Networking can be a daunting prospect. But it’s essential to having a successful nonprofit organization, so being prepared is vital. It doesn’t have to feel like a chore if you’re an introvert. Try these tips for fundraisers who hate networking:
Work out exactly what you want to get out of the event in advance. Make sure to have a tight elevator pitch ready to go, and bring plenty of business cards so you can focus on making your interactions count in the moment. But don’t try to stick to a strict script ― let yourself be in the moment.
You may think you are the only secretly uncomfortable or nervous introvert at the event, but remember that everyone is human and a lot of people are feeling the same way. Be open, be yourself, and don’t force it ― just start conversations casually and focus on making a human connection with other people first and the business side of things will follow.
Another thing to bear in mind is that the other people attending the event are looking for new businesses and brands to connect with ― in other words, you are the perfect solution for some lucky business out there! Talk to as many different people as you can and remember that, while you are also seeking the right company to work with, they are on the look-out for you, too. Remember when you initiate a conversation to put your best (and by best, we mean most generous) foot forward. Show them what you can offer before you ask for something in return.
Not every networking event will be suitable for your business or brand, so be selective and identify the events that will potentially be the most fruitful. Christina Battista, a business writer at Elite Assignment Help and State of Writing, says: “There are plenty of tools to help you do this, such as Eventbrite and Meetup, which have countless listings.” Talk to other businesses for recommendations of good events and try to attend events that may be outside of your usual comfort zone. This will help expose you to new audiences and present different opportunities for you and your business.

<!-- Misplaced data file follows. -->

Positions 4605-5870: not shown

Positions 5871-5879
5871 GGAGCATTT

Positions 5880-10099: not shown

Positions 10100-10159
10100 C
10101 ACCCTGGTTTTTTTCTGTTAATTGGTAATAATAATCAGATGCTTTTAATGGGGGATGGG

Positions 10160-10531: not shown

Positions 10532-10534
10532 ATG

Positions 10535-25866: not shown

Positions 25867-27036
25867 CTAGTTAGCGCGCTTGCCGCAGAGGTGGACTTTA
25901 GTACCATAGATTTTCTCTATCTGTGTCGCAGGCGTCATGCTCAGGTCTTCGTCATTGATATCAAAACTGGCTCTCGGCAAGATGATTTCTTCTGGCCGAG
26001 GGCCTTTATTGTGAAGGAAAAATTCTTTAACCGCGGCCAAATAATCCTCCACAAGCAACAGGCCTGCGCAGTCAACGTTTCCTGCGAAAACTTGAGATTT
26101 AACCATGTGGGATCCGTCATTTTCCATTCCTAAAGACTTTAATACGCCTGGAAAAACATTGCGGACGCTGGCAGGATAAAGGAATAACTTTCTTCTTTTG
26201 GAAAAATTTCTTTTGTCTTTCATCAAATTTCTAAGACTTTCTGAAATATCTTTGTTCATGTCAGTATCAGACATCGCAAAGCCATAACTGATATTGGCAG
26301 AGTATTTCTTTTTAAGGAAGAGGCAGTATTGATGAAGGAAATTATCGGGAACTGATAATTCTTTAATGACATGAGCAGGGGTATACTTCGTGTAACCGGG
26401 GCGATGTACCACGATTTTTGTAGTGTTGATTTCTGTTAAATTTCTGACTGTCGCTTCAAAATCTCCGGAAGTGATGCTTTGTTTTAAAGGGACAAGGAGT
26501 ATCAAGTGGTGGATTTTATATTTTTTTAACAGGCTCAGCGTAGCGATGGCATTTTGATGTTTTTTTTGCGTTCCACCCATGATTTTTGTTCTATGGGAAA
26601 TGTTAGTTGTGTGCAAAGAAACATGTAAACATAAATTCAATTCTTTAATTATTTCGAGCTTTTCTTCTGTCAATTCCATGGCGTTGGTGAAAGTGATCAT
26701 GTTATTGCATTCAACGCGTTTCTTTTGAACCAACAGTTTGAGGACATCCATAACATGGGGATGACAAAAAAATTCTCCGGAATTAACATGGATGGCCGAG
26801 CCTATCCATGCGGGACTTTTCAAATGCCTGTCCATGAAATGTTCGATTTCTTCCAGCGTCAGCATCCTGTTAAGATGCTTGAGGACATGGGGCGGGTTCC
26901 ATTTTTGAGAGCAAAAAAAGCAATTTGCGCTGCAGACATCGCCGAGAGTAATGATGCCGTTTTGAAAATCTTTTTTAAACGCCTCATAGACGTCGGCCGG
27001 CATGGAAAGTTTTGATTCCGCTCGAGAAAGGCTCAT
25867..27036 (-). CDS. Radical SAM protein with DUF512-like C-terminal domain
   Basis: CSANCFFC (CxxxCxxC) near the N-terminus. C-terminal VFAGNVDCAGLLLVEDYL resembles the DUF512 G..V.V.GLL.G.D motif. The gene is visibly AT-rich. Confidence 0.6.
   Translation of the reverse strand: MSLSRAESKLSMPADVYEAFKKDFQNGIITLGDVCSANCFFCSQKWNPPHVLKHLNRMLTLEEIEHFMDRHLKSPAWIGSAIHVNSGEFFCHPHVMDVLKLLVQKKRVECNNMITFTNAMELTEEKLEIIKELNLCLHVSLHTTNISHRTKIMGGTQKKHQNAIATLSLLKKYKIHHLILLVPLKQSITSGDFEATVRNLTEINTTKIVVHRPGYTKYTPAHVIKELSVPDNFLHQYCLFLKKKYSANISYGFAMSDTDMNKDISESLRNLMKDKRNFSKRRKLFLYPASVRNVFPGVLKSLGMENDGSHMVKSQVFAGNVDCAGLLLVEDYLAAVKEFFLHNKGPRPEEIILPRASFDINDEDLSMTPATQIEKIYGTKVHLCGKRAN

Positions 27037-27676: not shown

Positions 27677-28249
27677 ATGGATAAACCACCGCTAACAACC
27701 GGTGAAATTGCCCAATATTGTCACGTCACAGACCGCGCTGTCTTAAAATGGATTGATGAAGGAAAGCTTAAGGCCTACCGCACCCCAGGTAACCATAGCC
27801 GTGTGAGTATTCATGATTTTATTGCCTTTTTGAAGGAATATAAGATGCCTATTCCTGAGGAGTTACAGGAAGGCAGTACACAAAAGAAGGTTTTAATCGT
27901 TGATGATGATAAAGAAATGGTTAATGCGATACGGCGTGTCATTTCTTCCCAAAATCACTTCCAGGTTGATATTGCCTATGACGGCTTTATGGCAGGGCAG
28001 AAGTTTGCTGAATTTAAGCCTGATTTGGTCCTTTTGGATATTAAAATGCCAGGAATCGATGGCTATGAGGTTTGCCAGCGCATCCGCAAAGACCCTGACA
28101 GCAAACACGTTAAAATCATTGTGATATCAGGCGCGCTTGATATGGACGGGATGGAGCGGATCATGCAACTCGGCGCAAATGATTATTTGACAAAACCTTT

The best way to make sure you stay involved in networking events is to make it a part of your regular routine ― schedule in an event on a monthly basis, for instance, to ensure you are nurturing the relationships you make with donors, partners, or other corporate or community entities. This will pave the way for following up with more exclusive meetings. Connecting with someone a few times at a group event will make them more likely to accept an invitation to a friendlier, one-on-one conversation.
There are so many benefits to turning up early, especially for those who are less comfortable with the whole networking process. Firstly, it will make the first few minutes much less daunting and more accessible, since you can settle in while the crowd is small. It also places you in the position of greeting people as they arrive, rather than trying to introduce yourself to an entire room full of people. This also puts you in their minds as a friendly welcoming face and relieves them of the awkwardness of trying to approach people themselves. This will also make you come off as confident, approachable, and ― most importantly ― memorable.
Joseph Dailey, a project manager at Academized and Academadvisor, explains: “Get in touch with the person/people organizing the events you attend beforehand to form a personal relationship before you even arrive ― ask them questions and see if they have any recommendations for who to talk to.” Then, once you arrive, make contact with them again before you begin to work the room and they may even be able to facilitate certain interactions and make introductions.
Don’t go into events expecting to talk to every single person ― focus on creating meaningful, memorable interactions with select individuals. Still try to keep the conversations short and sweet, exchange business cards, and move on!
At the end of the day, just be personable and try not to get caught up in being perfectly professional. Simply be prepared and be yourself!
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